Nexus is the official publication of the biennial German Jewish Studies Workshop, which was inaugurated at Duke University in 2009, and is now held at the University of Notre Dame. Together, Nexus and the Workshop constitute the first ongoing forum in North America for German Jewish Studies. Nexus publishes innovative research in German Jewish Studies, introducing new directions, analyzing the development and definition of the field, and considering its place vis-à-vis both German Studies and Jewish Studies. Additionally, it examines issues of pedagogy and programming at the undergraduate, graduate, and community levels. Nexus 3 features special forum sections on Heinrich Heine and Karl Kraus. Renowned Heine scholar Jeffrey Sammons offers a magisterial critical retrospective on this towering "German Jewish" author, followed by a response from Ritchie Robertson, while the dean of Kraus scholarship, Edward Timms, reflects on the challenges and rewards oftranslating German Jewish dialect into English. Paul Reitter provides a thoughtful response.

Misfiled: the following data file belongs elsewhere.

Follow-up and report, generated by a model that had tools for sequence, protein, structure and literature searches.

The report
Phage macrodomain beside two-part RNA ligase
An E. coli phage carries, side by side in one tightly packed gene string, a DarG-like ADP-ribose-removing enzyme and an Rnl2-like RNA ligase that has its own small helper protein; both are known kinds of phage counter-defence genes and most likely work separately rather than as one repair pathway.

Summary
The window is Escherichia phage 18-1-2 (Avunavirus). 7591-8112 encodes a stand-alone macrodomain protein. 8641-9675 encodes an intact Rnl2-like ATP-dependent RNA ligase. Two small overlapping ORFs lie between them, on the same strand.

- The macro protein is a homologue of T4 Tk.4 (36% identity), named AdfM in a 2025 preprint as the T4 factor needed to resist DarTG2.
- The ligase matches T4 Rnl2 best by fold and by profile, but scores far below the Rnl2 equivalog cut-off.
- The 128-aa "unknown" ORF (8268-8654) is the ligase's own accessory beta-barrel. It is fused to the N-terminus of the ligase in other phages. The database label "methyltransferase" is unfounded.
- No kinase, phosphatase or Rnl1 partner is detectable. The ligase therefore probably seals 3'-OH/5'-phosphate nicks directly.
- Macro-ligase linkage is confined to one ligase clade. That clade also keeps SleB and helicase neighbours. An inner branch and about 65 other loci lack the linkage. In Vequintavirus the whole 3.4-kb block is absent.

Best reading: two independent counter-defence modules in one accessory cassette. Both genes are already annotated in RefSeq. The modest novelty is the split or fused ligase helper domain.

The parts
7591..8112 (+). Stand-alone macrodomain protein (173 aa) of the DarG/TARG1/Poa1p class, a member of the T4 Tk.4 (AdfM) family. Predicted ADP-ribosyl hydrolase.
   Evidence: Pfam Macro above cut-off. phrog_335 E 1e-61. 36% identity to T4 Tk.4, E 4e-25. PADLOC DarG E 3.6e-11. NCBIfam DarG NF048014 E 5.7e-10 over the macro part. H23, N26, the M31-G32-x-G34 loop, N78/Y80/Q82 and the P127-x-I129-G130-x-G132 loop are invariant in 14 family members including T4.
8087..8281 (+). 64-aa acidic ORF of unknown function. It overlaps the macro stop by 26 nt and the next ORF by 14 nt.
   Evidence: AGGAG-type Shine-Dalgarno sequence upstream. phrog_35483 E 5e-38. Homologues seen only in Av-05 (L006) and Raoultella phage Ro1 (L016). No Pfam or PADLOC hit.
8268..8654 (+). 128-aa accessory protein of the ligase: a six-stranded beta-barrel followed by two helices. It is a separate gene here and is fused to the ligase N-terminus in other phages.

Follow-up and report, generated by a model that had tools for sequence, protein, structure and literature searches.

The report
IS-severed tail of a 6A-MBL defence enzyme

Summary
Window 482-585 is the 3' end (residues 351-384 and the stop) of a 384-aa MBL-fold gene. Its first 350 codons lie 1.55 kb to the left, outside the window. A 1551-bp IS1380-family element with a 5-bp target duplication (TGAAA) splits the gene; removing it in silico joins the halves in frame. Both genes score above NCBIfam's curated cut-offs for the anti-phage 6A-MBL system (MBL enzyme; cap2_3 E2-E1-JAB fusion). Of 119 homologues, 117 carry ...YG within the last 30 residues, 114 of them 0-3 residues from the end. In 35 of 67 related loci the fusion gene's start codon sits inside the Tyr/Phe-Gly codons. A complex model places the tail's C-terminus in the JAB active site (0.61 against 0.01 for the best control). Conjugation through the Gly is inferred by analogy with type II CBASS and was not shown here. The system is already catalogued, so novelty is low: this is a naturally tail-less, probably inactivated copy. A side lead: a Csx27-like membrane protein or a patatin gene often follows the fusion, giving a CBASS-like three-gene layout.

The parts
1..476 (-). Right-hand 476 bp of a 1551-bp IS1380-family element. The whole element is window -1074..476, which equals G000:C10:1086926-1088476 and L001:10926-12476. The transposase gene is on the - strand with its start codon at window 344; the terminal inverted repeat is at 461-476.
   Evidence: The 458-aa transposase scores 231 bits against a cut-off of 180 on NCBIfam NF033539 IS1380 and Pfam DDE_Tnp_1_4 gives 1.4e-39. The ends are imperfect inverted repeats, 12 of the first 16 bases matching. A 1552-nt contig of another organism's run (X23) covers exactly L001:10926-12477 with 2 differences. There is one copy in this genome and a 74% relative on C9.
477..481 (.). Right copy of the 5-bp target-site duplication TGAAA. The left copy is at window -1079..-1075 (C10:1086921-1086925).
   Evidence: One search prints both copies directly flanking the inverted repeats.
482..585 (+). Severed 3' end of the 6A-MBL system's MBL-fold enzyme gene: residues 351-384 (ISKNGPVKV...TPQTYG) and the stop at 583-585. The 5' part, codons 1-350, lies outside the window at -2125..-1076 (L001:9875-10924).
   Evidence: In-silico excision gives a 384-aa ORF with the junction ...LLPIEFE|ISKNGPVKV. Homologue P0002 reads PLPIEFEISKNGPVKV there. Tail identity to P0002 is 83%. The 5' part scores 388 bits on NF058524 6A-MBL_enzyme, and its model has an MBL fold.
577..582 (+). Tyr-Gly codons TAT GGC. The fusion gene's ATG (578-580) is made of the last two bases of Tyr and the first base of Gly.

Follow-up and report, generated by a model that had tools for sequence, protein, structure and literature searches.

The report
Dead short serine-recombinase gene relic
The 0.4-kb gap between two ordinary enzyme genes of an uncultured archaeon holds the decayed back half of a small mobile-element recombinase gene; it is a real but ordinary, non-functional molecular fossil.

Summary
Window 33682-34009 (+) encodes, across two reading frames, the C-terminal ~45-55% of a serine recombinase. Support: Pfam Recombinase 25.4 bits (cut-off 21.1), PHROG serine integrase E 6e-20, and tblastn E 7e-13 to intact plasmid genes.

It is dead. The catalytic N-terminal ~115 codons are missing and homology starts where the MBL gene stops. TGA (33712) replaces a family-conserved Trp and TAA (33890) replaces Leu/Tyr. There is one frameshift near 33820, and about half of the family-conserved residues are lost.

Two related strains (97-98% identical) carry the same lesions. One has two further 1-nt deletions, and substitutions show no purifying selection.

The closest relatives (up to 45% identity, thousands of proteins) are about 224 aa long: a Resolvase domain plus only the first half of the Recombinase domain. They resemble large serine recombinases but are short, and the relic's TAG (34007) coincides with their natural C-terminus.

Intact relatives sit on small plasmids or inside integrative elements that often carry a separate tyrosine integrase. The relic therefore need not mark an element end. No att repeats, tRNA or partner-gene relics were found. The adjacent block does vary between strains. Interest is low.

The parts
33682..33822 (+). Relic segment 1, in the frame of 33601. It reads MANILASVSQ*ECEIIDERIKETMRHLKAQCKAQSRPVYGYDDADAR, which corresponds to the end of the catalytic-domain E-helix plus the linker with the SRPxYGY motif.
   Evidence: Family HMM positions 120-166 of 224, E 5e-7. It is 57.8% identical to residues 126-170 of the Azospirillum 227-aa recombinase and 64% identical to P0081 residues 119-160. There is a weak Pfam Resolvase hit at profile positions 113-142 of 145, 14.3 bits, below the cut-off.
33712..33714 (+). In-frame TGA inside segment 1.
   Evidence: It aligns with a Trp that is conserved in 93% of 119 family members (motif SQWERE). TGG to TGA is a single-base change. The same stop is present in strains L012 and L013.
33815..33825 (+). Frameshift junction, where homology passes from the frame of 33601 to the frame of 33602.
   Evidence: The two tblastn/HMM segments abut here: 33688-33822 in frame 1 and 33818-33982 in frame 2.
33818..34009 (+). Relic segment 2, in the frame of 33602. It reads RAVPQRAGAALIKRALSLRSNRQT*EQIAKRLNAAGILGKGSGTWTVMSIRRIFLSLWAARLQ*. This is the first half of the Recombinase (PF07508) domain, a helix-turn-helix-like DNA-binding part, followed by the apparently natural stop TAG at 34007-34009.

Contributors: Angela Botelho, Jay Geller, Abigail Gillman, Jeffrey A. Grossman, Leo Lensing, Georg Mein, Paul Reitter, Ritchie Robertson, Jeffrey L. Sammons, Egon Schwarz, Edward Timms, Liliane Weissberg, Emma Woelk.
William Collins Donahue is the John J. Cavanaugh Professor of the Humanities at the University of Notre Dame, where he chairs the Department of German and Russian. Martha B. Helfer is Professor of German and an affiliate member of the Department of Jewish Studies at Rutgers, The State University of New Jersey.